FIG. 3 illustrates an RF equivalent circuit 300 for the exemplary grounding structure 200. The RF equivalent circuit 300 illustrates that the ground plane portion of the circuit board 202 is coupled through ground point 207 to the conductive back 108 through a series capacitor-inductor circuit. Capacitor 302 is formed, as discussed above, by the parallel surfaces of the conductive back 108 and the top surface 206. The inductor 304 is formed by the inductive characteristics of clip 212, particularly the conductive arm 205. Selection of values for the inductor 304 and capacitor 302 allow a frequency selective coupling of the conductive back 108 to the ground point 207. Values of capacitor 302 and inductor 304 are selected and/or changed by varying the dimensions of clip 212 components, such as the surface area of top surface 206 and/or the length, and/or width of the conductive arm 205. The gap 208 can also be varied to affect the capacitance of capacitor 302. Preferred embodiments of the present invention design RF grounding structures such that capacitor 302 and inductor 304 form a series resonant circuit near an RF frequency of interest. RF frequencies of interest include a frequency band in which a wireless device incorporating the RF grounding structure operates. Some multiple band wireless devices have been observed to optimally operate by using a RF grounding structure that resonates at higher frequency bands and that does not resonate at lower frequency bands in which the device operates.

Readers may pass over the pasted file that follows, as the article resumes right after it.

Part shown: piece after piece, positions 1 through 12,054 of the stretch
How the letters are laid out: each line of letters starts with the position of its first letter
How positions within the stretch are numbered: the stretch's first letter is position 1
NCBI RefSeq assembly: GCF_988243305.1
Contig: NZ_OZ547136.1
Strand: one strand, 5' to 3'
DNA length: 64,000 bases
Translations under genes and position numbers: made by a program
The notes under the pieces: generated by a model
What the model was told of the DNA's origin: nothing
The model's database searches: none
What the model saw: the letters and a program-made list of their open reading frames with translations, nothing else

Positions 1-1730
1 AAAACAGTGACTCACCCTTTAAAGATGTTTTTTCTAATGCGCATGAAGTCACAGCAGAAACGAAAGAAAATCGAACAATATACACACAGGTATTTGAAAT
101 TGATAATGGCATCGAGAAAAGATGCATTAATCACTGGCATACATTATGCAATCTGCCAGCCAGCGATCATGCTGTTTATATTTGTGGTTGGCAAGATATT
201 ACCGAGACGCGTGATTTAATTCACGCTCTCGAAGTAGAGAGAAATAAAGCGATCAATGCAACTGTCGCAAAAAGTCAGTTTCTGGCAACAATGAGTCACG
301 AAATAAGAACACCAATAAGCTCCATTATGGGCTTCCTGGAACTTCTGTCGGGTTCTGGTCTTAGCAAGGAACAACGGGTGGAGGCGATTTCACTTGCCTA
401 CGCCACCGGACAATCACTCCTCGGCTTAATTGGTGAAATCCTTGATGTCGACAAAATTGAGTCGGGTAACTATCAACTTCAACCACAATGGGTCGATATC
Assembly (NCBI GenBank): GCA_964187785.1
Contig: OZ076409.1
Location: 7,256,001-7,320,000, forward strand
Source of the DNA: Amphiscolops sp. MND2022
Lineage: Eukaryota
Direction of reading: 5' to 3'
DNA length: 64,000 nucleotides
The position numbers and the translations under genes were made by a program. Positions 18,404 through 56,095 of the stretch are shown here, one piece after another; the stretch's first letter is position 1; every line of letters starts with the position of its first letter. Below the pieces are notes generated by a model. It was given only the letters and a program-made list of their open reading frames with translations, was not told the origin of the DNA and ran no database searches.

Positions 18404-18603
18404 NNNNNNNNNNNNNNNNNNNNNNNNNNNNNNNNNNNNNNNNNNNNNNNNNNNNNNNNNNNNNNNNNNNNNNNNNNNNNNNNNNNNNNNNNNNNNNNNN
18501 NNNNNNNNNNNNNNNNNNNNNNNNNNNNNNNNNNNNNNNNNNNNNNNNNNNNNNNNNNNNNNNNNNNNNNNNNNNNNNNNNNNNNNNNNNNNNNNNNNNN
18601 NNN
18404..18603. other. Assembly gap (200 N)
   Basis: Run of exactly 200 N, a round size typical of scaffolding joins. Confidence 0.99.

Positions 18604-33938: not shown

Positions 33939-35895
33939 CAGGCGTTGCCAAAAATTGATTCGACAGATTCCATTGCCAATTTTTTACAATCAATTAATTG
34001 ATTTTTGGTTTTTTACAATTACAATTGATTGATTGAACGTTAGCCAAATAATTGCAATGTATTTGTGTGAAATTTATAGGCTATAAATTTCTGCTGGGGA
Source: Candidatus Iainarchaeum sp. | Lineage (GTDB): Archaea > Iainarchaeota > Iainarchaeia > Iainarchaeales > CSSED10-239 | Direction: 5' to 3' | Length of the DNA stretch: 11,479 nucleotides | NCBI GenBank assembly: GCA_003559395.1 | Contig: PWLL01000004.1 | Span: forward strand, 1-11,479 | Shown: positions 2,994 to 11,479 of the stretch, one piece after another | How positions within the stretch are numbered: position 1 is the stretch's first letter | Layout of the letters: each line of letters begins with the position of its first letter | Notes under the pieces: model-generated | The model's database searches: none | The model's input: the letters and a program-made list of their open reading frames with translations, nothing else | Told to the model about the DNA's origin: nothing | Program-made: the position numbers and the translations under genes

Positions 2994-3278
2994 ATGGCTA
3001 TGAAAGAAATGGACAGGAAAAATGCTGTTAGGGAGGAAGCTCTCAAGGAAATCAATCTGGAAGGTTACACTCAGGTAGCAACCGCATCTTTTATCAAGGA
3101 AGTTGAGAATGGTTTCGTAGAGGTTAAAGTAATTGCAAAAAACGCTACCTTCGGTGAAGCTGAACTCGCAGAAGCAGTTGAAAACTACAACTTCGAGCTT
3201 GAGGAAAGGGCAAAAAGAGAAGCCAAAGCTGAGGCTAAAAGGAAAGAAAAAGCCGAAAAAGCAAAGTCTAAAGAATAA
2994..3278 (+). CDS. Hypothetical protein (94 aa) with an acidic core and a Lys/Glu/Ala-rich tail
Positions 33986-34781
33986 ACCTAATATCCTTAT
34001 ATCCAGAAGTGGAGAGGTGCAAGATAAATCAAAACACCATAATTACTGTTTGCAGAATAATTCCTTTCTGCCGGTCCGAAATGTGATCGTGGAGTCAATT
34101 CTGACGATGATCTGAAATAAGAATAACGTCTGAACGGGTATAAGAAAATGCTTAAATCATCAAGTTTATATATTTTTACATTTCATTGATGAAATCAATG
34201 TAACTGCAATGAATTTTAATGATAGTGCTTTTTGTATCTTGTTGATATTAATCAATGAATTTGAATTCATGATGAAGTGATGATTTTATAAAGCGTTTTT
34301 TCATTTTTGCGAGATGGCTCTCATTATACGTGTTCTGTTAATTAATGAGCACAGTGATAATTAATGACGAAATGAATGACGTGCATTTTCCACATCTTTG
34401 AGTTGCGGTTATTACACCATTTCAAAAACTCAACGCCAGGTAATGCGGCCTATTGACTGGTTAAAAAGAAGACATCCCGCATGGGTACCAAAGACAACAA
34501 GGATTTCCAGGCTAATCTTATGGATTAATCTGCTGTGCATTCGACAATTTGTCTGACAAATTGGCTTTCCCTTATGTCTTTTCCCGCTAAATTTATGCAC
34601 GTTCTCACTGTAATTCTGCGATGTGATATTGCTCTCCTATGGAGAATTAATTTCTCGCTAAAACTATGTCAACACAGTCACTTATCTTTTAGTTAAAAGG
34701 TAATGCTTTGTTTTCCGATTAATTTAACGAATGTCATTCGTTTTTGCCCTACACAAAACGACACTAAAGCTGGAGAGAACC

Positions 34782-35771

As is known to ordinary practitioners in the relevant arts, the capacitance of capacitor 302, which is a parallel plate capacitor formed by the top surface 206 and conductive back 108, is readily calculated. It is assumed that the area of the conductive back 108 is greater than the area of the top surface 206. The capacitance of this parallel place capacitor, in picofarads, is given by:
C(pF)=(0.225*∈r *A)/D

    • Where:
      • A is the area of the top surface 206
      • D is the distance of gap 208
      • r is the dielectric constant of the gap 208

The gap 208 can have an ∈r that is not equal to one (i.e., equivalent to that of air), and can be a composite effective dielectric constant produced by non metallic materials filling the gap 208 and/or by no metallic materials coating the metal surface of 108 and 206.